MULTIPLE SCLEROSIS (MS): 3 cases improve after application of wheatgrass extract to affected areas

About multiple sclerosis

Multiple sclerosis (MS) is a slowly progressive disease that has a negative effect on the brain and spinal cord. It is called a "demyelinating" disease because of the patchy destruction of myelin - the coating around the nerve that accelerates electrical impulses passing along it.

Nerve cells send electrical signals along their axons (conduction channels) to specific targets such as muscle cells. Many of these cells are covered with a fatty substance called the "myelin sheath" that enhances nerve conduction about 50 times faster than unmyelinated nerve axons. In multiple sclerosis, this sheath becomes damaged through demyelination, disrupting nerve function.

Some effects of MS

There can be numerous symptoms such as muscle weakness, numbness, visual and emotional disturbances. The course of the illness is highly variable and unpredictable. However, some medications can reduce the severity of the disease. Wheatgrass extract has helped recovery of a number of these patients, when nothing else helped.

Some positive effects of wheatgrass

Since 1995, I have successfully treated a number of these patients with this condition by applying wheatgrass extract over to affected areas. For example:-

Case No. 1.

A nurse, who was also a mother with three young children - somehow managed to struggle through half a day's work, twice a week. She also suffered severe chronic fatigue and spent most of her time resting when she wasn’t child-minding.

After taking wheatgrass extract for about two weeks she called me excitedly. She had spent all day walking around the Melbourne Royal Showground with her children and felt on top of the world! The previous year she had to be pushed in a wheelchair.

In 2002, I noted: “Several reports from other sources have provided equally significant improvement in fatigue with fewer and less severe, relapses. One 54 year old male patient who had permanent neurological symptoms remained in remission for two years, but relapsed when he stopped taking the wheatgrass extract."

Case No. 2.

A young woman had suffered from MS for a number of years, her main symptoms being loss of sensation and numbness in both hands -a significant disability. I had sent her some commercially produced wheatgrass extract a month earlier which she had been taking three times a day. (Further experience shows she would have done significantly better by only taking it once or twice weekly.)

She rang to tell me how delighted she was that she had burnt her hand, because it was very painful! She explained that she had had no sensation whatsoever in either hand for five years. It appeared that the MS-damaged nerves supplying sensation to her hands were beginning to recover, suggesting that damaged or dysfunctional cellular receptors keeping the brain informed of what's happening throughout the body, had broken down. It appeared that the ligands present in wheatgrass extract had re-activated these receptors enabling them to re-connect to the brain.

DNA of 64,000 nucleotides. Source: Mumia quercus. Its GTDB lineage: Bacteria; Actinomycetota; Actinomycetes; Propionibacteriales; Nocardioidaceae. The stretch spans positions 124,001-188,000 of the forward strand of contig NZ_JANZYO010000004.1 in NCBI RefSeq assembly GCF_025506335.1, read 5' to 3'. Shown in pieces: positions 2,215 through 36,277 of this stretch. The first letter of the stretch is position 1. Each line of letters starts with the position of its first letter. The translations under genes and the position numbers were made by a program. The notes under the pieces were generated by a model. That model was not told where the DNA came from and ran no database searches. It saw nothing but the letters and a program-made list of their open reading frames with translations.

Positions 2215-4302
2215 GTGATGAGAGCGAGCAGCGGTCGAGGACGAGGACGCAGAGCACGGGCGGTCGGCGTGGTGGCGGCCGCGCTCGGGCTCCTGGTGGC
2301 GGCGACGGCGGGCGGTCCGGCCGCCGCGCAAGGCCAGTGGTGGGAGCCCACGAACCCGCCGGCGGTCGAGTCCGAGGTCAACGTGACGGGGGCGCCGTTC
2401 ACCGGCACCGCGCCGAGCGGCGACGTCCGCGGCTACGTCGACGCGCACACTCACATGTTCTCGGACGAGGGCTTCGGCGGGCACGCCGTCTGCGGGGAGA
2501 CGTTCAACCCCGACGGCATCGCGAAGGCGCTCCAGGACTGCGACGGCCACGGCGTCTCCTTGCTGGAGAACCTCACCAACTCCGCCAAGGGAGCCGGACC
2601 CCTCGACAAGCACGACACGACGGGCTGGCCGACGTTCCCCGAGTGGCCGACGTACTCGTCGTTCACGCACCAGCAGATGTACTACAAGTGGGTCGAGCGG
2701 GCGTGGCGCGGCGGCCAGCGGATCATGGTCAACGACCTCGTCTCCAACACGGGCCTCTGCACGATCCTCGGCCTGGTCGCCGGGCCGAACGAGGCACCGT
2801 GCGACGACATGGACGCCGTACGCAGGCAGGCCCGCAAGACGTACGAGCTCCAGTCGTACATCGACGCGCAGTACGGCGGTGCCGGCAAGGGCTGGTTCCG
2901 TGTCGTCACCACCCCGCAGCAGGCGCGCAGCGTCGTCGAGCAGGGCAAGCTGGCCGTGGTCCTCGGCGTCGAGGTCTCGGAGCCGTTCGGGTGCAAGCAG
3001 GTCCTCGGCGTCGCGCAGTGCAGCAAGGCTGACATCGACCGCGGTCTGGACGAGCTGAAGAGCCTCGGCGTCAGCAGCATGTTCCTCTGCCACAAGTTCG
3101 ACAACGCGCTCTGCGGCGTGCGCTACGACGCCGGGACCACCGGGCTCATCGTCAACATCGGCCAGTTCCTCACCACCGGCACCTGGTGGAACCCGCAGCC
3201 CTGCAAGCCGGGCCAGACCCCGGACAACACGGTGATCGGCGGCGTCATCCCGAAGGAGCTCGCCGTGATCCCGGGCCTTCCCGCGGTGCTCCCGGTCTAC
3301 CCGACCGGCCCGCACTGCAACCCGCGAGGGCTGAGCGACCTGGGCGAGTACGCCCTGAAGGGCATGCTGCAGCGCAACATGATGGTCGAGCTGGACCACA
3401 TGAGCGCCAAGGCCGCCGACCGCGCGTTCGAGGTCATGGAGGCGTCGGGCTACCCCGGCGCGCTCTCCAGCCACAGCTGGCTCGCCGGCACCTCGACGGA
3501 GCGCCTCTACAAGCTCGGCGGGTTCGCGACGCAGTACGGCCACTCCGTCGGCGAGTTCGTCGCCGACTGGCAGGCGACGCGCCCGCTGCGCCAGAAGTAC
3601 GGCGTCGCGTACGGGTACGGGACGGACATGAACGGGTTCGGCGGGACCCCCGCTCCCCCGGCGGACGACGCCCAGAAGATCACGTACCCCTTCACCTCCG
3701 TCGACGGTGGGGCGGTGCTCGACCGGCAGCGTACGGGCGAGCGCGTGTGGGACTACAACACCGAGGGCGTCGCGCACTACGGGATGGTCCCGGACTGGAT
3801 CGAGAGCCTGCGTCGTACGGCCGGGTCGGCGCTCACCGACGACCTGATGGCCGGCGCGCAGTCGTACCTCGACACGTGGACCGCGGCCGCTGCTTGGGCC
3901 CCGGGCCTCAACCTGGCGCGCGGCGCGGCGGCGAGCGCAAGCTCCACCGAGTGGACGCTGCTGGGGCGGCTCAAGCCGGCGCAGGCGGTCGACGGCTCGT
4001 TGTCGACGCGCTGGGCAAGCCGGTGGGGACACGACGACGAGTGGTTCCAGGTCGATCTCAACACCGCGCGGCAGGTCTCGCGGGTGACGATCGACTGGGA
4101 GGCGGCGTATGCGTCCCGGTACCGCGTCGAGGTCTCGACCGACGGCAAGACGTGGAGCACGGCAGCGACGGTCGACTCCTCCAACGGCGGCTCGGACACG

(She subsequently regained full sensation in both hands. August 22, 2007 - View testimonial)

Case No. 3.

A young woman with MS for 17 years also reported dramatic recovery from fatigue, which enabled her to regain an almost normal lifestyle. She also mentioned her hair and facial skin were now “glowing” and that even her partner and friends had noticed how well she looked, suggesting re-connection of numerous dysfunctional cell receptors to the brain.

How does wheatgrass work for MS?

In laboratory animals it has been shown that barley grass (similar to wheatgrass) increases production of growth hormone and the hormone prolactin (which stimulates breast milk production) via the pituitary gland at the base of the brain. This appears to influence recovery of damaged nerve tissue.

A Canadian study, (See abstract offsite) noted that many MS patients' symptoms improved or disappeared during pregnancy i.e. when prolactin levels are high. Also, increased prolactin levels in mice demonstrated "a striking ability to repair demyelination" suggesting that the hormone could be a potential therapeutic agent for MS.

By comparison, instead of wheatgrass extract increasing prolactin levels in MS patients, it is far more likely the ligands it contains re-connect dysfunctional cell receptors to the brain resulting a "nomalising" effect.

How should I treat my MS with wheatgrass?

This depends on what your symptoms are. For weakened muscle tissue, apply a little wheatgrass extract over the affected area(s) once weekly and persevere. Do the same for painful, stiff muscles. This often relaxes the muscles and relieves pain, but avoid over-treating. Why? Because it is not necessary. Try to hasten slowly.

Also, to help maintain your whole body in good condition, take wheatgrass extract (Supershots) - 2.5ml (half a teaspoonful) on alternate days, and persevere.

>> Multiple sclerosis testimonials

Dr. Chris Reynolds.

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